In addition to random urinalysis, the supervised release program included two face-to-face interviews per month.  All testing was negative for both alcohol and other controlled substances.  Kissner's second chemical dependency treatment program included six months of aftercare and no instances of relapse were reported during that period.

            On July 12, 2000, Kissner moved for unsupervised visitation.  Koltveit filed a counter-motion for continued supervised visitation or, alternatively, for the appointment of a guardian ad litem.  She also moved to compel Kissner to attend parenting classes and to consume no alcohol for 24 hours prior to any visits.  A hearing was held on the motions on July 31, 2000.  At the hearing, no evidence was produced about Kissner's driving while intoxicated conviction.  Kolveit first learned of the conviction after the hearing and sent a letter to the district court forwarding a copy of the notice of conviction published in the newspaper and arguing that the court grant her counter-motion.  The district court granted Kissner’s motion to allow unsupervised visitation and set forth a visitation schedule.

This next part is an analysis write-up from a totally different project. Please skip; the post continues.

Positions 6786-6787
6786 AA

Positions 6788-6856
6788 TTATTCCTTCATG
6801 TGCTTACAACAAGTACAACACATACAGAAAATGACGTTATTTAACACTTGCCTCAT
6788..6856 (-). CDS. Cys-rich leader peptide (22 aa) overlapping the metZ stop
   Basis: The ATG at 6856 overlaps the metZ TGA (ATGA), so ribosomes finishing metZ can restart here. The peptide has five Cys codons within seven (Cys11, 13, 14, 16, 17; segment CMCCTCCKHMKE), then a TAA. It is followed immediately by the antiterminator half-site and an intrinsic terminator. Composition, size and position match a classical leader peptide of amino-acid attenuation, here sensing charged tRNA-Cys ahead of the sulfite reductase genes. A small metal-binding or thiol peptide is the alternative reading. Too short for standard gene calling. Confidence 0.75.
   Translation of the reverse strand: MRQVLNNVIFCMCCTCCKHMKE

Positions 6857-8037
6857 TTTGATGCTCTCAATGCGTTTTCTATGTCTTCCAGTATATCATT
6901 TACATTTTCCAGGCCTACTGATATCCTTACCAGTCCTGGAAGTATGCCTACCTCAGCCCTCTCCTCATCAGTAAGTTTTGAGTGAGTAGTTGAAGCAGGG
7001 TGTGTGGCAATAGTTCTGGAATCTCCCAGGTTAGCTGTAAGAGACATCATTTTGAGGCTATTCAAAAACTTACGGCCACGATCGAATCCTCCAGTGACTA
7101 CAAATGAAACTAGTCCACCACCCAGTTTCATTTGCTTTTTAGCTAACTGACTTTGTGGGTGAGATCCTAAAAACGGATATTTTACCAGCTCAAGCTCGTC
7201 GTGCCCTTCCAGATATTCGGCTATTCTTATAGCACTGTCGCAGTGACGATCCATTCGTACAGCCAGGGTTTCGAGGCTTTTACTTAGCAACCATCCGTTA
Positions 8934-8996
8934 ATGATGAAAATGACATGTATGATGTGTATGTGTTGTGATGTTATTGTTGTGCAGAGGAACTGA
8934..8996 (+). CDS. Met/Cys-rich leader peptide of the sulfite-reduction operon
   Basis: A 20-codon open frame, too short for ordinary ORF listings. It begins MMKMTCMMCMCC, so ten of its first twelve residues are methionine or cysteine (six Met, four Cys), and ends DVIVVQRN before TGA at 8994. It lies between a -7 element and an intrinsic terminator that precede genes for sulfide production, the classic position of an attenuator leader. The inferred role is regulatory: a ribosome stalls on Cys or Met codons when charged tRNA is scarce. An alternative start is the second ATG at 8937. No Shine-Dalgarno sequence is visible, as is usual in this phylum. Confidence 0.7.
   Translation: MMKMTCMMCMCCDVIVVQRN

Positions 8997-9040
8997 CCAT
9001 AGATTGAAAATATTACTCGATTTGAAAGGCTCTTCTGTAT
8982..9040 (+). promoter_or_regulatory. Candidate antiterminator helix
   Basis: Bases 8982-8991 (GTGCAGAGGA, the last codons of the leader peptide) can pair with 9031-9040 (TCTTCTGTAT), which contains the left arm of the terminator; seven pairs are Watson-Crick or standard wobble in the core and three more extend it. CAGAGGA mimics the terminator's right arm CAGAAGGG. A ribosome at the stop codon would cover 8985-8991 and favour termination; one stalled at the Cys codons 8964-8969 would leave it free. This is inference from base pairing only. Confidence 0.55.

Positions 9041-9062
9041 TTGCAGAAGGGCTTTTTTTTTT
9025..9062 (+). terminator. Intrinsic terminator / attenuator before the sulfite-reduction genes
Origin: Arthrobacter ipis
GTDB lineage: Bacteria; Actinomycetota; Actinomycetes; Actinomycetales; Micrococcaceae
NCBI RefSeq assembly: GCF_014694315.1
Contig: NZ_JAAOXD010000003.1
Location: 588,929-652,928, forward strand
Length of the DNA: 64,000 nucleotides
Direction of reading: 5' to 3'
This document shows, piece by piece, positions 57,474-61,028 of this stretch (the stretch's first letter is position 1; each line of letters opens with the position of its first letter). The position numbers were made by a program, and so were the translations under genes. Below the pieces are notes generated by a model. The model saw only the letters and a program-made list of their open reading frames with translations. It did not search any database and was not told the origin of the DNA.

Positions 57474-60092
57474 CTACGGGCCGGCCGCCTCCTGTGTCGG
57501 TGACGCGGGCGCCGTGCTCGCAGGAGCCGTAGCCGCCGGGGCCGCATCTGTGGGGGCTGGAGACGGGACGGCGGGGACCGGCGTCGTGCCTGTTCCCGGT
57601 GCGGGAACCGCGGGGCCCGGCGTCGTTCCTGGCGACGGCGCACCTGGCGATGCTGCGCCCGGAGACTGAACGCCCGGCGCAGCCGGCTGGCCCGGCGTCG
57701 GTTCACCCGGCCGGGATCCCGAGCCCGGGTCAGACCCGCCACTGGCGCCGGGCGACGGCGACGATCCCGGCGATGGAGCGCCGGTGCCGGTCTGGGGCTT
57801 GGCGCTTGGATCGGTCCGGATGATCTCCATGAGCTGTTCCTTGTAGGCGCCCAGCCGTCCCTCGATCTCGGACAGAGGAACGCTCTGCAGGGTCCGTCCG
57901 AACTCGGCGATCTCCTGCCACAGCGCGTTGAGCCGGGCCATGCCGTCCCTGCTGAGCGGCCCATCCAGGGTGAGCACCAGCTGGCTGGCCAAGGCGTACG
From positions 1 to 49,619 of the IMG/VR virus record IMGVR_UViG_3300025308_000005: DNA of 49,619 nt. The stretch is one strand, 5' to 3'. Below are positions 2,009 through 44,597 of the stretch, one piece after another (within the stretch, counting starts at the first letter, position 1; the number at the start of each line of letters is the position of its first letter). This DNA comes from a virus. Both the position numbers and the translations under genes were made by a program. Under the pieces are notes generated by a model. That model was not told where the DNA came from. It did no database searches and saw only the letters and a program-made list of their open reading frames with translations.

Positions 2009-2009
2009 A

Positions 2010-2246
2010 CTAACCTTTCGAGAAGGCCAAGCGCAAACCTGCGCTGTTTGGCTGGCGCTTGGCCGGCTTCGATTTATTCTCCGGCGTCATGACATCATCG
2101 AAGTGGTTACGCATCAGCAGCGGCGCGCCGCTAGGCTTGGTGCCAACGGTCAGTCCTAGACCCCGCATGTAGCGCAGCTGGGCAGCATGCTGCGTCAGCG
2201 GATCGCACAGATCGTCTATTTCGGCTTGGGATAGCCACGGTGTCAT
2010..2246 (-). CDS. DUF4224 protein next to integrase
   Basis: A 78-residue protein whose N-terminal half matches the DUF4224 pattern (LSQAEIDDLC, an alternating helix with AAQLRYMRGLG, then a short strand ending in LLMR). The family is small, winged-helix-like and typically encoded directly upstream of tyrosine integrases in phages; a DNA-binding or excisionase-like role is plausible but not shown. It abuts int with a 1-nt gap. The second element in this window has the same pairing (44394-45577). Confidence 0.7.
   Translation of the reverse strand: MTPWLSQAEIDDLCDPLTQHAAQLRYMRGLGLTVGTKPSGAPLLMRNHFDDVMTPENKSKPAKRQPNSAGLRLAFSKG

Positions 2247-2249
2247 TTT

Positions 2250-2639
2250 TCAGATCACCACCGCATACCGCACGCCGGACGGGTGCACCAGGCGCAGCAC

After entry of the district court's order, Koltveit obtained new counsel and filed a motion based on alleged new evidence requesting that the district court appoint a guardian ad litem and stay visitation.  Kissner then filed a motion to compel the visitation ordered by the district court.  A second hearing was held and, during that hearing, Kolveit argued for an amended order based on the DWI offense.  Thereafter Kissner filed a motion to show cause for not complying with the first order and, with the court's permission, submitted affidavits from friends supporting his motion.  Kolveit filed a response to those affidavits.  The district court denied Koltveit's motion for a guardian ad litem, for a stay, and to amend the visitation order. 

Kolveit filed a notice of appeal and moved this court to appoint a guardian ad litem for an evidentiary hearing and to restrict respondent's visitation.  This court denied Kolveit's motion for a guardian ad litem or to summarily restrict visitation and granted a request for a temporary stay of the order for unsupervised visitation until the district court ruled on whether to grant a stay pending appeal of its order.  The district court subsequently denied the stay pending appeal.  We now address the merits of the appeal.